I remember it like it was yesterday. I stood behind the mother and her little girl at the concession stand observing their togetherness. Her fingers ran through the girl’s curly medium-length hair. It was the kind of hair you would assume to find on a doll – mostly in place with some strands taking a stand against perfection. I watched as the girl peeked around the man’s lengthy bottom that stood in front of her. Though I was behind her, I imagine that she was inspecting the candy options – M & M’s, Sour Patch Kids, Twizzlers – the choices endless, the options laid out. Excitement filled her limbs in a way that she could not contain and she gave a little hop. The man grabbed whatever it was that he had ordered and departed to his show, leaving a clear view of what was in store for her. Mother and daughter stepped up to the register and the girl reached for her mom’s hand as if to say, “We’re here!”
When asked by the gentleman behind the counter what the girl would like she glanced hopefully up at her mother and responded, “Mom, what are you gonna have?” Mom cocked her head down towards her little one, “Oh nothing for me honey. I’m not going to be bad today.” The response of her mother seemed to reverberate through her daughter’s body, as I witnessed the excitement, anticipation, and childlike elation begin to deflate. Her shoulders fell limp, her head bowed, and she turned back towards the candy. “But you get what you want,” the mother followed-up. The girl’s answer will forever be etched in my memory: “Nah. I’m okay.” And with that, a simple order of water was requested, the bottle grabbed, money exchanged, and the pair were on their way. In that simple moment a message had been sent, an energy transferred, a false truth internalized that what we eat has the power to become an indication of whether we are in fact good or bad.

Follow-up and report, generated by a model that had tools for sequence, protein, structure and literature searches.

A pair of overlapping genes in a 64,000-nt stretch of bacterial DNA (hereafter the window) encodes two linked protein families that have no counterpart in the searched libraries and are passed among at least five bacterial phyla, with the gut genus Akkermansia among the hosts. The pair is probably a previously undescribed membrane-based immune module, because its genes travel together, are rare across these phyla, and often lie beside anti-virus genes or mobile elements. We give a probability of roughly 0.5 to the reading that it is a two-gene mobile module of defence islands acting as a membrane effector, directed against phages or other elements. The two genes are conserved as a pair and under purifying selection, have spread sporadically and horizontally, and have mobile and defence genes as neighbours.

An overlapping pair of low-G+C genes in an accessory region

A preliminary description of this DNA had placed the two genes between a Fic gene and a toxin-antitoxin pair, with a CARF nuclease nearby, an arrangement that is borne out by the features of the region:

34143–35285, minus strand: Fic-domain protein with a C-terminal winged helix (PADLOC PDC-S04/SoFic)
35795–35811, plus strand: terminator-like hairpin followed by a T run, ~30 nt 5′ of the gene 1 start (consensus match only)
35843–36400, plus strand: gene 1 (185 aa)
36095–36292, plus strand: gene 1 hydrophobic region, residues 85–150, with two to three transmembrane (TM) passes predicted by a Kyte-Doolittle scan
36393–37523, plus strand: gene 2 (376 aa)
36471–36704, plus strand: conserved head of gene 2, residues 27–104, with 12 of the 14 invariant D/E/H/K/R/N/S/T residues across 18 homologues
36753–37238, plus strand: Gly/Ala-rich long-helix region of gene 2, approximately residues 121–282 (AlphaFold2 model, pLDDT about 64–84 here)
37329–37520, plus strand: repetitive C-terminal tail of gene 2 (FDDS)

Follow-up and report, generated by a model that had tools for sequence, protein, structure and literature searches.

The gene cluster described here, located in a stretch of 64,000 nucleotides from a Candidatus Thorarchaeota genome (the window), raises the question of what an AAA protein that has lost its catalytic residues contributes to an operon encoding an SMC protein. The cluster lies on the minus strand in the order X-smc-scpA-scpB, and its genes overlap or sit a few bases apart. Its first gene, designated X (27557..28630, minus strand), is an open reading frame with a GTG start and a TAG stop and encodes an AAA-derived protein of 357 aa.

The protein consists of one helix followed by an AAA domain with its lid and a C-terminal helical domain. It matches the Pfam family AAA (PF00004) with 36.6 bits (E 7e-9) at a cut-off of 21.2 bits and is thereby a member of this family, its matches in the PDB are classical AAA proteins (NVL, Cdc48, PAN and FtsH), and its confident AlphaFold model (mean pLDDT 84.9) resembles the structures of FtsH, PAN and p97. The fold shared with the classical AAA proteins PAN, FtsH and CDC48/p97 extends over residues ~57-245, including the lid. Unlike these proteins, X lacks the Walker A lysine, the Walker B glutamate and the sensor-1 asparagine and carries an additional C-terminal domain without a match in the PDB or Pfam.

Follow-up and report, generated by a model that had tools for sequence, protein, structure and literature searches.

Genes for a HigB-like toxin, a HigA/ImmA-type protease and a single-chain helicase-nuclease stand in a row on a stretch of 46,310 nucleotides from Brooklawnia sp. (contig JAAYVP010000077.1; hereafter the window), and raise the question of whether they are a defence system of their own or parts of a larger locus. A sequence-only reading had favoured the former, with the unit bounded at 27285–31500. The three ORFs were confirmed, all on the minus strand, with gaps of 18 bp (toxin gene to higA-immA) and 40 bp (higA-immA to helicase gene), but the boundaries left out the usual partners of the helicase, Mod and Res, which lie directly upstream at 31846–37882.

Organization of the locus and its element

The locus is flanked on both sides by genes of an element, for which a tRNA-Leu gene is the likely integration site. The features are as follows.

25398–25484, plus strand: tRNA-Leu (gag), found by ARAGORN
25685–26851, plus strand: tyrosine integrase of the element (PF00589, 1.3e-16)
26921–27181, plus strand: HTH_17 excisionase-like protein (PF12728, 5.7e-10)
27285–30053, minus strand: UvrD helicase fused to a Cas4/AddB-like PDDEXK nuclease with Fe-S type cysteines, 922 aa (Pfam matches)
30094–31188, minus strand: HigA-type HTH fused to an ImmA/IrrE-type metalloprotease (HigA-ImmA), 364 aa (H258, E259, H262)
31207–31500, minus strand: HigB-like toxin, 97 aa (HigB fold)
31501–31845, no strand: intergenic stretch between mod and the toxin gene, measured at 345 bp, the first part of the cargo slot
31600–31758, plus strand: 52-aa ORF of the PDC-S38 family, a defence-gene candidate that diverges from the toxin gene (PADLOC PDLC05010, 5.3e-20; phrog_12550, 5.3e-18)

As a mother, I am virulently cautious in what I say to my children and in how I say it. I do my best. I mess up. I circle back and try to make it better. The mother in this story could have been me. Had I not been working specifically with those who have eating disorders, I may have never even noticed this exchange between a mother and her daughter. But I did. And it has impacted me ever since. When I call it into consciousness it still brings tears to my eyes, a shiver in my heart. Who knows? The girl may have walked away unscathed, unaffected, without impact. But she may not have. And it’s that second one that gets me.
We aren’t perfect, for there is no such thing. We stumble on our words, we make ignorant comments, we say the wrong thing. We are HUMAN. With our humanity, however, comes a responsibility: A responsibility to show up in this world, to be as thoughtful as we can be, and as loving as is possible – towards and with ourselves first and others next. Please consider this, especially in light of what we call into awareness this week – the truth of eating disorders, the pervasiveness of the struggle, and the hope that is critical for recovery. Our language around food and our bodies may seem to be trivial but I promise you that it’s not. Words do matter. What we say does have impact. And you never know who may be listening.
Dr. Lara Pence
Executive LOVE Director